2008-03-19

Does Your Assigned Stereotype Really Permit That Influence?

I'm fairly adamant generally that world music is bad, but if there's one thing I can usually accept that gets lumped into that category it's the pre-existing music. Something someone has heard (rather than made) and decided to pass on to the west. Heck, I'm guilty of enough of that myself to defend it, at least when it's knowledgeably and respectfully done and the selection is fair and based on the received wisdom of the scene itself.

But even as I'm involved in this sort of thing myself, I've recently started to realise the magnitude of its problems. The biggest one by far, I think, is our discourse of genre selection, and I find myself asking: what types of music are we really selecting, and what is our real reason for selecting them?

And I'm afraid, I'm very afraid, that the reason is stereotyping.



I generally consider myself some sort of hip-hop/disco fan and most of the music I've chosen to pass along has been young, electronic, "hard", bass-driven and working class. That type of music certainly gets some attention, and over the years seemingly disparate material like (to take three examples) Cambodian garage rock, crazy eclectic Bollywood music and South African semi-modernised dance music has ended up in some hazy media spotlight. Why this material exactly?

Chance, I guess. Quality to a certain extent. Accordance with the usual prejudices of "world music" in many cases, like that they're a bit exotic, fairly unthreatening, fairly old. (80s Bollywood, clearly superior to the 60s material previously touted, has only recently been accepted in world music circles.) But I think that even if we chose to factor out all these things there is a clear prejudice to the genre selection that I see in myself and that I'm very uncomfortable with.

I think a lot of the music is picked because we have expectations that certain people are going to conform to certain stereotypes. The Indian film music composers are allowed to be genre-crossing music thieves, but you'd never see crazy eclectic Latin music. Or South African garage rock - Africans are meant to copy African-American music, right, and make blues and funk and hip hop-based modernisations? Everything else is sorted away.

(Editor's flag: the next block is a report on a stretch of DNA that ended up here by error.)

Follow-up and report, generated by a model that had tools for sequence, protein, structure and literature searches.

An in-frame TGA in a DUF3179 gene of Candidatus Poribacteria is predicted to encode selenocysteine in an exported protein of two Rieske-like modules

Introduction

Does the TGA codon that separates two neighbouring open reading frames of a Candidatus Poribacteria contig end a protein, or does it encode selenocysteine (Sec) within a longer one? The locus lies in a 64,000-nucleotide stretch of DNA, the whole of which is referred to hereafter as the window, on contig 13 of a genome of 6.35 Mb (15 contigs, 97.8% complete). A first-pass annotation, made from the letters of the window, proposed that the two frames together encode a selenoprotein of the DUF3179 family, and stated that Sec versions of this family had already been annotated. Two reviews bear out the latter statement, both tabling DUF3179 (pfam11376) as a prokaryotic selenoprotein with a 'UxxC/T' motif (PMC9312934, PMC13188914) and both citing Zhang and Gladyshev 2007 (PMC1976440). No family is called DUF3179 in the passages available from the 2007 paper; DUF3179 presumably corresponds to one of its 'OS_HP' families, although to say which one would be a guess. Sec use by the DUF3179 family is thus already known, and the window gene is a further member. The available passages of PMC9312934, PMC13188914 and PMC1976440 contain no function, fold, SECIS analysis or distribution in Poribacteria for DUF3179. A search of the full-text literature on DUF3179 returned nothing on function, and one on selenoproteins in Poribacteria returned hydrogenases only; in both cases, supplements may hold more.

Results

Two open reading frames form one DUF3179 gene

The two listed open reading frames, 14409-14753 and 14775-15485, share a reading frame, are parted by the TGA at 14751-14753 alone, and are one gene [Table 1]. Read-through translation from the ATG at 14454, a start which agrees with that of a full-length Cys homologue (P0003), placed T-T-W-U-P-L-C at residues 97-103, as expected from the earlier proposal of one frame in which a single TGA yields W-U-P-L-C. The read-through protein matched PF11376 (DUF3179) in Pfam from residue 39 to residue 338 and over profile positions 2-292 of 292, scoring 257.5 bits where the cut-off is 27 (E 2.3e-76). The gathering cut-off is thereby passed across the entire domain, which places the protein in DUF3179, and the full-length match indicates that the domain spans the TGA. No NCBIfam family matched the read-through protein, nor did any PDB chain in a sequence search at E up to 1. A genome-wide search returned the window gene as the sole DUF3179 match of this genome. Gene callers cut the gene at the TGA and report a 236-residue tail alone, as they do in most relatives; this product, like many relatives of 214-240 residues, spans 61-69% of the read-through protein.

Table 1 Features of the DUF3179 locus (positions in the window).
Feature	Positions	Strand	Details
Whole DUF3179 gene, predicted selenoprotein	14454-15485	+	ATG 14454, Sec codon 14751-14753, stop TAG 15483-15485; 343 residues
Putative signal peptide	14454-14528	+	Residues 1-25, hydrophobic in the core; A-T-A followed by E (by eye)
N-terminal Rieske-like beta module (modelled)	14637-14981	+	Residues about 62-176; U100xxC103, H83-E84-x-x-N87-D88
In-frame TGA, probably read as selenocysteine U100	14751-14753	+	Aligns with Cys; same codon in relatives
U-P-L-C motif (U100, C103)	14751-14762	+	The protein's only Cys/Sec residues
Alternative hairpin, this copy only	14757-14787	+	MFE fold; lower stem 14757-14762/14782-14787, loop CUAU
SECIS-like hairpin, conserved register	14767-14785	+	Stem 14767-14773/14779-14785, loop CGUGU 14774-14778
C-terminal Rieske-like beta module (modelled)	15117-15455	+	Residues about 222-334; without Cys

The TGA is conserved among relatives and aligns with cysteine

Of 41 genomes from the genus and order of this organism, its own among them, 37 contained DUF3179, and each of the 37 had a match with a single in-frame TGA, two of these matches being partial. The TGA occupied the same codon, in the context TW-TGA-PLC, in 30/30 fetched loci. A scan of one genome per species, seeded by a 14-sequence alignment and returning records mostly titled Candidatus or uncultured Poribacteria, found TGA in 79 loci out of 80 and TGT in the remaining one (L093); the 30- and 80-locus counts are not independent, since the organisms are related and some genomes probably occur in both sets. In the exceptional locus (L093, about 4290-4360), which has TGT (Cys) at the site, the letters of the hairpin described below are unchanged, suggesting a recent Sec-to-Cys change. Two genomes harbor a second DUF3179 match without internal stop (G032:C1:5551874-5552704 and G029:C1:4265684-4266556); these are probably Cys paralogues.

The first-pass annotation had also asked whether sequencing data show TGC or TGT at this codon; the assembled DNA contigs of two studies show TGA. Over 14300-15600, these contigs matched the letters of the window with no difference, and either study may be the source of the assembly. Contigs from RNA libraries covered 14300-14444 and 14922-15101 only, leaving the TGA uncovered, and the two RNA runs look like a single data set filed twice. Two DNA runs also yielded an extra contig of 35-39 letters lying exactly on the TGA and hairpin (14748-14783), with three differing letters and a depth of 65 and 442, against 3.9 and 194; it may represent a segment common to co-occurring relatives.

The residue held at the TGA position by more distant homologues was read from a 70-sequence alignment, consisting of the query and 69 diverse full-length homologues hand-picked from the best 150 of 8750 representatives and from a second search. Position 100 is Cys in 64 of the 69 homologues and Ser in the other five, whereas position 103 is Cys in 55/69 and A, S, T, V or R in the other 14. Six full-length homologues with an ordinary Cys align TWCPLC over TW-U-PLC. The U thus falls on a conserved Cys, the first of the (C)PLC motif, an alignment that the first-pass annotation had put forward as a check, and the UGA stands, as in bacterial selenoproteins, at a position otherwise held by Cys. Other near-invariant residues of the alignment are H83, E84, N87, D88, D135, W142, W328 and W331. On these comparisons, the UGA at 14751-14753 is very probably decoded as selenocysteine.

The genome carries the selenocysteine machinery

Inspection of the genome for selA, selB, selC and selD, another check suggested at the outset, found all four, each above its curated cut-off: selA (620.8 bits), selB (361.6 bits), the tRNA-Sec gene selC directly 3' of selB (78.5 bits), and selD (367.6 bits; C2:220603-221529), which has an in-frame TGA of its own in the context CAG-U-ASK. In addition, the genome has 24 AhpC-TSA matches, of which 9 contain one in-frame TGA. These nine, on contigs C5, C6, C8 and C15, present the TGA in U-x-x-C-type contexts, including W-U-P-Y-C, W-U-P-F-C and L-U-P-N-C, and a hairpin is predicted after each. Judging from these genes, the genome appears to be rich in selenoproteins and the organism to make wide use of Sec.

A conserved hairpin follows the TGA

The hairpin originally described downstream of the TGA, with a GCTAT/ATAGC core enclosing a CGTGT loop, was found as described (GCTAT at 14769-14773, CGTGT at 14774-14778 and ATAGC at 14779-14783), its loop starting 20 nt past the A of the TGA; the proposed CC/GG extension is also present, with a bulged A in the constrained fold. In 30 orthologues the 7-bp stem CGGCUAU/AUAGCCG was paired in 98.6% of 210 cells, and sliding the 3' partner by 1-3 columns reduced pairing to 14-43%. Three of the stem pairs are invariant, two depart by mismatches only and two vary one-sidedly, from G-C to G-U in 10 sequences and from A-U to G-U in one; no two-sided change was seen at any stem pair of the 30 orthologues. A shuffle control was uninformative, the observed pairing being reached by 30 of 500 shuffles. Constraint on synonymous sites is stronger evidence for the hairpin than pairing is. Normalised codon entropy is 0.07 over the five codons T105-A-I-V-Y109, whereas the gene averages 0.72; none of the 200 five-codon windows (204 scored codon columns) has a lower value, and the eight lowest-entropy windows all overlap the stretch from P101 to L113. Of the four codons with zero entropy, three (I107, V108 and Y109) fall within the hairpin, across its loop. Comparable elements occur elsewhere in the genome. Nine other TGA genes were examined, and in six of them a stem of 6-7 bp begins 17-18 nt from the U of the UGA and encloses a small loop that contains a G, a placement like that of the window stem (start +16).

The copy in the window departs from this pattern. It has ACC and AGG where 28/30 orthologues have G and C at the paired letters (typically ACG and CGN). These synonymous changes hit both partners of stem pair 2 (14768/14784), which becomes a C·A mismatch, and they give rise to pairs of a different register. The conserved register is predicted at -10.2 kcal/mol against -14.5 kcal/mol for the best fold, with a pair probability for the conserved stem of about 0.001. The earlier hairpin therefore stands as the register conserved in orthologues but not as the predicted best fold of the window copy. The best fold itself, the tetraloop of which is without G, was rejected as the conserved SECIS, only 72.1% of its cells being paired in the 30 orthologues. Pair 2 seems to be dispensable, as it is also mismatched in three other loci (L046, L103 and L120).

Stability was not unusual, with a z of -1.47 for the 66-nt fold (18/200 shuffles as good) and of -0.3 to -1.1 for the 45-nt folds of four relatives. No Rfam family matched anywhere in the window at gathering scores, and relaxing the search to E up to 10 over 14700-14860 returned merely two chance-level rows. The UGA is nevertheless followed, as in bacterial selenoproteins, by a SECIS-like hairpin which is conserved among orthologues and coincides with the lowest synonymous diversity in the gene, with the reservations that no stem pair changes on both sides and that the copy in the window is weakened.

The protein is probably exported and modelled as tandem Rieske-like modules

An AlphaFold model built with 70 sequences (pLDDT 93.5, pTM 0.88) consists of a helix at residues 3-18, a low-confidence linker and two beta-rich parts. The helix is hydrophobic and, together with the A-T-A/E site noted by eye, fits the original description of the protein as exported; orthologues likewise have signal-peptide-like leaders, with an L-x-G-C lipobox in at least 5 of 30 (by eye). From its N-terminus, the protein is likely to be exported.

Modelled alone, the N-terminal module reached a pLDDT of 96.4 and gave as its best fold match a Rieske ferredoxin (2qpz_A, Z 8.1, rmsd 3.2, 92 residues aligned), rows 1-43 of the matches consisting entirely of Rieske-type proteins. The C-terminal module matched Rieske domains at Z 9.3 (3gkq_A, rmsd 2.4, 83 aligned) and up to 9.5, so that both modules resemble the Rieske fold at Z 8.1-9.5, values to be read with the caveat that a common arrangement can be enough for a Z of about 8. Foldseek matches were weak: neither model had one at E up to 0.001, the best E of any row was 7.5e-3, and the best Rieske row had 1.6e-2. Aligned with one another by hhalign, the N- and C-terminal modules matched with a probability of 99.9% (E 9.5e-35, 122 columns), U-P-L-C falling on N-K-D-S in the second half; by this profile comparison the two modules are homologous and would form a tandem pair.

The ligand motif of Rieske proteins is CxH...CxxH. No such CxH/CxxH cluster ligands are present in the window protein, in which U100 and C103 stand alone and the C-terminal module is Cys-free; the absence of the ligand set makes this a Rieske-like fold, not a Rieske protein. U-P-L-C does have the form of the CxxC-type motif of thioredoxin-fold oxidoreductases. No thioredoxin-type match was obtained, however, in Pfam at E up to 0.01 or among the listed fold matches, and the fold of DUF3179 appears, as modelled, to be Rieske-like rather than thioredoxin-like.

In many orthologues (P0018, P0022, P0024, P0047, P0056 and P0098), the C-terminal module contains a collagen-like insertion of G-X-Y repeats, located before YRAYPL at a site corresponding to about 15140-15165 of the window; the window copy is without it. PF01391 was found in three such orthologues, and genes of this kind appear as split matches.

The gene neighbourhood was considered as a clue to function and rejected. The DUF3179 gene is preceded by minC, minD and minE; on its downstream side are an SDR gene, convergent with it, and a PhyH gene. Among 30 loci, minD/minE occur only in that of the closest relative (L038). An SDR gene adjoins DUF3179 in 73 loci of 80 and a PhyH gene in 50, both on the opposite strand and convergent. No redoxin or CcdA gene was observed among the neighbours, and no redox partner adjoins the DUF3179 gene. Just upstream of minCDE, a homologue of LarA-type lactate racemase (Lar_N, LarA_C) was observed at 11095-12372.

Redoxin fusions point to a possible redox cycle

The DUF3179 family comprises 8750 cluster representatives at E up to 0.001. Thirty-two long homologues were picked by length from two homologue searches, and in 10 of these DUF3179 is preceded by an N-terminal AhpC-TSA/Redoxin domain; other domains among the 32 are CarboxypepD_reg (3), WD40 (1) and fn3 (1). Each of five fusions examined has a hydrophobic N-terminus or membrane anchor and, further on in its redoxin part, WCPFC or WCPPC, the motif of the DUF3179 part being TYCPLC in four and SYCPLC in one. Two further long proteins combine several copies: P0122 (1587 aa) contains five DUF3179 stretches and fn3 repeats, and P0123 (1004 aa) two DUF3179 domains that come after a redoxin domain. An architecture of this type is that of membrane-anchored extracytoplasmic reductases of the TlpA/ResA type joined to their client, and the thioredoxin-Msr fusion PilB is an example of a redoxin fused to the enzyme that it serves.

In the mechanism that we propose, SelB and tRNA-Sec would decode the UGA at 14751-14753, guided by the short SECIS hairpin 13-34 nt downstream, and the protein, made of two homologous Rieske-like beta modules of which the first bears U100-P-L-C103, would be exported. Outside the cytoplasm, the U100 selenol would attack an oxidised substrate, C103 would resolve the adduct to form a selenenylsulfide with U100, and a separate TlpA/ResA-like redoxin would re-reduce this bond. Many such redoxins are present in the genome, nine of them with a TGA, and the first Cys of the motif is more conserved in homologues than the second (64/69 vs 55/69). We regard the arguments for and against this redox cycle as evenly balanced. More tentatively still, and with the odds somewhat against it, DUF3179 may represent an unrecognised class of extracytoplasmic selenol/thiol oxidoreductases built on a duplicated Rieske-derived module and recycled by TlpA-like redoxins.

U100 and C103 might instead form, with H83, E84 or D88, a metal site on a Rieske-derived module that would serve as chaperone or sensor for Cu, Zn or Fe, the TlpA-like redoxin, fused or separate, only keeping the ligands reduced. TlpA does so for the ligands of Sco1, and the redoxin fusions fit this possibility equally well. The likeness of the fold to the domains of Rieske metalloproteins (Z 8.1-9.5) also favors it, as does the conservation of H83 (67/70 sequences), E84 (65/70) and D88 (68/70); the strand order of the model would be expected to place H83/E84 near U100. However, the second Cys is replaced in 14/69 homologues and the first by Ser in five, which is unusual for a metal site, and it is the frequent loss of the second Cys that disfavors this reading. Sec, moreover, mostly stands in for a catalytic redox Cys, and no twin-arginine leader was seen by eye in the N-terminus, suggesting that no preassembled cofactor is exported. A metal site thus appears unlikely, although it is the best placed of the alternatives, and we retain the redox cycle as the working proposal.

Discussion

We all love it when someone in South East Asia creates a dynamic hybrid genre with hip-hop or something. But what if they decide to use heavy metal instead, like in morlam sing?



You could argue that metal is a "bad" genre and hip-hop is a "good" genre, but I think there's also an underlying assumption that metal is a "white" genre that "ethnic" people can't take their lead from, so this kind of hybrid is never properly explored. I certainly would have ignored it a few years ago.

Plus there's a whole bunch of conventionally "good" genres that people in the developing world aren't allowed to take their lead from. There's a really good shoegazer scene in Singapore, for instance, that we will never hear about because it's not "their music" - people "down there" are meant to make funky working-class music with ethnic undertones.



When I consider this sort of built-in prejudices I'm truly thankful for a blog like the wonderful with comb & razor, easily my favourite MP3 blog at the moment. From his vantage point on the scene in Nigeria, the author scours for quality local vinyl of every type and genre. Recent highlights have included Nashville-style country (which, of course, was also wildly popular on Jamaica), a coloratura soprano singing faux folk songs and the overture of a Nigerian opera. None of it is bad either (okay, the opera kind of is), but you'd never hear of any of it in the sea of Afro-funk and ethnic sounds that is our stereotype of Nigerian music.

1 comment:

s.j.simon said...

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